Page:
The Phillies exited baseball’s postseason race quietly Tuesday afternoon in Washington. If their demise made a sound, it would have been that of the last air as it escapes from a deflating balloon, something approximating either a light snore or weary flatulence.
That’s a bit harsh, but the Phillies have earned it. They haven’t been good this season, but they also haven’t been fully bad. What they have been is just really annoying.
They have been annoying like a puppy that, after much work, shows signs of being housebroken. But, just when you believe the job is done, there is a huge, steaming 9-1 loss in the box score the next day, and then the thin trickle of a late 3-2 defeat puddling from the bullpen.
What you want occasionally is for the manager to rub their noses in the failures and toss them into the yard, but that would be wrong, because everyone showed a lot of fire in the dugout, and they presented well as a team, and there was no quit in anyone.
No, of course there wasn’t. It was just all those wasted nights when the pitching crumbled and the offense couldn’t keep up. Or when the game was close, and some basic blunder befell them. Or the deepening tally of the injured list and the thin replacements that filled the void. Or when the season seemed somewhat salvageable to everyone but those in the front office.
When the story of this Phillies season is remembered and retold, it actually won’t be. This season will be gone like VHS when it comes to a blessed halt Sunday. Make that the slogan for the year: “2019 Phillies: Did that happen, or was it the late-night pizza?”
Oh, it happened, and it was annoying, but the truth is: there’s no one to blame. This will not be a popular position, but it’s true. The front office had a splashy, expensive offseason, and the flip side of that spending spree was choosing to believe the incumbent starting pitching would improve.
“That group of guys was pretty good last year,” general manager Matt Klentak said around the July 31 trade deadline. “There’s no question that we bet on some improvement from some of those players based on what they had shown, based on their ages, their development curve, that we thought there would be more improvement than what we’ve seen. It’s hard to look back and second-guess that thought process. It’s easy to look back and second-guess the results, just like many Phillies fans have second-guessed.”
Well, it’s not that hard to second-guess the thought process when comparing the first half of 2018 for the starters (pretty good) to the second half (oofta), but what Klentak didn’t say was that you can’t station a cat outside every mouse hole. His focus was the position players, and he brought in Jean Segura, Andrew McCutchen, J.T. Realmuto, and, OMG, Bryce Harper. If that largesse left limited flexibility in improving the pitching, then it did, and no one was complaining at the time.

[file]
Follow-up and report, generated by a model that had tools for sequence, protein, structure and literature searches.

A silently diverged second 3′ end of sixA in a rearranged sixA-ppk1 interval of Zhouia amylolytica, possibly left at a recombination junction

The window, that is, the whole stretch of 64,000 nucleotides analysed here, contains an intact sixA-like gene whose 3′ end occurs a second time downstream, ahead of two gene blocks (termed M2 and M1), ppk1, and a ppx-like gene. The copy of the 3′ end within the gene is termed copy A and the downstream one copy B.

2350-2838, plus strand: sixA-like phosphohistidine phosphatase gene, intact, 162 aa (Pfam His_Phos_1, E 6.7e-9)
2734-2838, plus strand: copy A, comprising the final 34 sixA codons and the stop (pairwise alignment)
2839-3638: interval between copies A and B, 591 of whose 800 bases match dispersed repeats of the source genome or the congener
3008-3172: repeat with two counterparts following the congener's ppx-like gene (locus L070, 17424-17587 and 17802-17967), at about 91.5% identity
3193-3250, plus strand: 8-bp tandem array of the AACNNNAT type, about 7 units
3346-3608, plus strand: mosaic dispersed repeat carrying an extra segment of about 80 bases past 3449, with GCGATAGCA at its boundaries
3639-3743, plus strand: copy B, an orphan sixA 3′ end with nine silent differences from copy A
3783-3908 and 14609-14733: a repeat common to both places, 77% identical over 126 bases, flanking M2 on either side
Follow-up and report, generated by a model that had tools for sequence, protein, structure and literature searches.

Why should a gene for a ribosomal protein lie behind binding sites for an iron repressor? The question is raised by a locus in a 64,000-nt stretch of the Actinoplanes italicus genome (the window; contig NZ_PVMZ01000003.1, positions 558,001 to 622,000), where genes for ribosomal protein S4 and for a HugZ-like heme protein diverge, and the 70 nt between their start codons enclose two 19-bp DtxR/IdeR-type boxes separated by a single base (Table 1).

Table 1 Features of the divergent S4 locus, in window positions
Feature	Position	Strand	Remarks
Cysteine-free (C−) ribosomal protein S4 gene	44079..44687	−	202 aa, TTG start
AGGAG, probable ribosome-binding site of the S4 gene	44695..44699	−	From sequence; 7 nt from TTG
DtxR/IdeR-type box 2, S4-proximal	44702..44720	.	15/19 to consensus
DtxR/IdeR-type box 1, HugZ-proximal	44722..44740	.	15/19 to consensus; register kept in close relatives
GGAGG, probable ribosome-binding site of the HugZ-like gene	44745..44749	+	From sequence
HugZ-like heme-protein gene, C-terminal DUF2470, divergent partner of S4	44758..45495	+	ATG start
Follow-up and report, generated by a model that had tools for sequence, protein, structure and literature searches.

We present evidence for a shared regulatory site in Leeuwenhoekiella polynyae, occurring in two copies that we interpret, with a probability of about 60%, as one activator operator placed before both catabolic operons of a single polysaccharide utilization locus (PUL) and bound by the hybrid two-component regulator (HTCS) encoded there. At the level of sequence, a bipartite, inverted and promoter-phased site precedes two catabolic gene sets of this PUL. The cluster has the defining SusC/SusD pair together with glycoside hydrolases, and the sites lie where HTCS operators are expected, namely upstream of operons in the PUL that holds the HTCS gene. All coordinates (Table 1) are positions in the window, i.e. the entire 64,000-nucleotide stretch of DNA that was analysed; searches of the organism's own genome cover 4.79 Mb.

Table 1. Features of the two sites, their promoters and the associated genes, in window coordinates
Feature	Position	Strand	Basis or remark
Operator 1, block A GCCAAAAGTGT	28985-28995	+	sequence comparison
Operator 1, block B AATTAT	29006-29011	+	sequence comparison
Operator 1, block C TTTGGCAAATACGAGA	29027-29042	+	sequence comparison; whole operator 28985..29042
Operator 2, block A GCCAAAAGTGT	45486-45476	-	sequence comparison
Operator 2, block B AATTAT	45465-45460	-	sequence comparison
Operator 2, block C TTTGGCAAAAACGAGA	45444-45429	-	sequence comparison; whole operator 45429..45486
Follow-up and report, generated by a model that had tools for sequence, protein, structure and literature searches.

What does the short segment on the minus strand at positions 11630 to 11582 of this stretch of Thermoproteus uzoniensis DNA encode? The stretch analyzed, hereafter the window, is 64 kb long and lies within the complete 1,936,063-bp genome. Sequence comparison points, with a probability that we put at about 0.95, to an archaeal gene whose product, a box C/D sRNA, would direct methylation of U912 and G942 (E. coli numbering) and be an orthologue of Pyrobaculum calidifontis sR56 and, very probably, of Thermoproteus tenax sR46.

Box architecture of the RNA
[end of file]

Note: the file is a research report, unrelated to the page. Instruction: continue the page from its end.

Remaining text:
As it turned out, Nick Pivetta, Zach Eflin, and Vince Velasquez weren’t worthy of the confidence showed in them by the organization. Combine that with a Biblical plague of injuries to the bullpen — who could have figured Tommy Hunter would be hurt for a fourth straight year? — and the Phillies always seemed to be pushing a rock uphill with the pitching staff.
Then, the offense lost its ability to keep up consistently when McCutchen got hurt, and Odubel Herrera ran afoul of his own stupidity, and Maikel Franco kept drifting along toward his inevitable release. Management didn’t do badly in acquiring Jay Bruce and Corey Dickerson to stop the bleeding, but the season was almost beyond saving at that point.
The front office certainly thought so and held tight to its top prospects at the trade deadline. Whether that was wise won’t be known for a few years. In the last decade, top organizational prospects — those guys you don’t risk for short-term roster improvement — have included Domonic Brown, Trevor May, Jesse Biddle, and J.P. Crawford.
Maybe that list of farm-system busts will someday include third baseman Alec Bohm and pitcher Spencer Howard, or perhaps the current hot guys will live up to expectation and become stars for the Phillies. Either way, the Phillies weren’t parting with them, or other highly rated prospects, merely to knock a few fleas off the dog of 2019.
“It’s hard for us to make the judgment now that we’re one trade away from the World Series. We don’t believe that,” team president Andy MacPhail said in July. “As a result, you’re going to be … a little judicious and careful about what talent’s walking out the door.”
“Sometimes what you give up can serve as proxy for aggressiveness or intent,” Klentak said, “but I think there’s also a value in reading a market and trying to make the best deals that you can.”
That’s sound logic, assuming they have correctly valued their prospects, but logic doesn’t sell season tickets or appease the fan base. It might be that someone will still have to take the fall, just from a public-relations standpoint, for the disappointing result.
This won’t be a popular opinion, either, but it probably won’t be MacPhail or Klentak, the latter of whom was given an unannounced three-year contract extension in March that lasts through the 2022 season. Manager Gabe Kapler would be a handy scapegoat, of course, but Klentak has been steadfast in his support of Kapler. Sure, he’s different, the general manager has said, but we think he’s a good kind of different.
In all likelihood, the team will make a window-dressing move, such as firing pitching coach Chris Young, focus the blame on all the injuries and poor luck, and otherwise stand pat. From the organization’s perspective, it would be nice if the Eagles did a better job of capturing civic attention, but either way, the Phillies figure to just ride it out and wait for spring.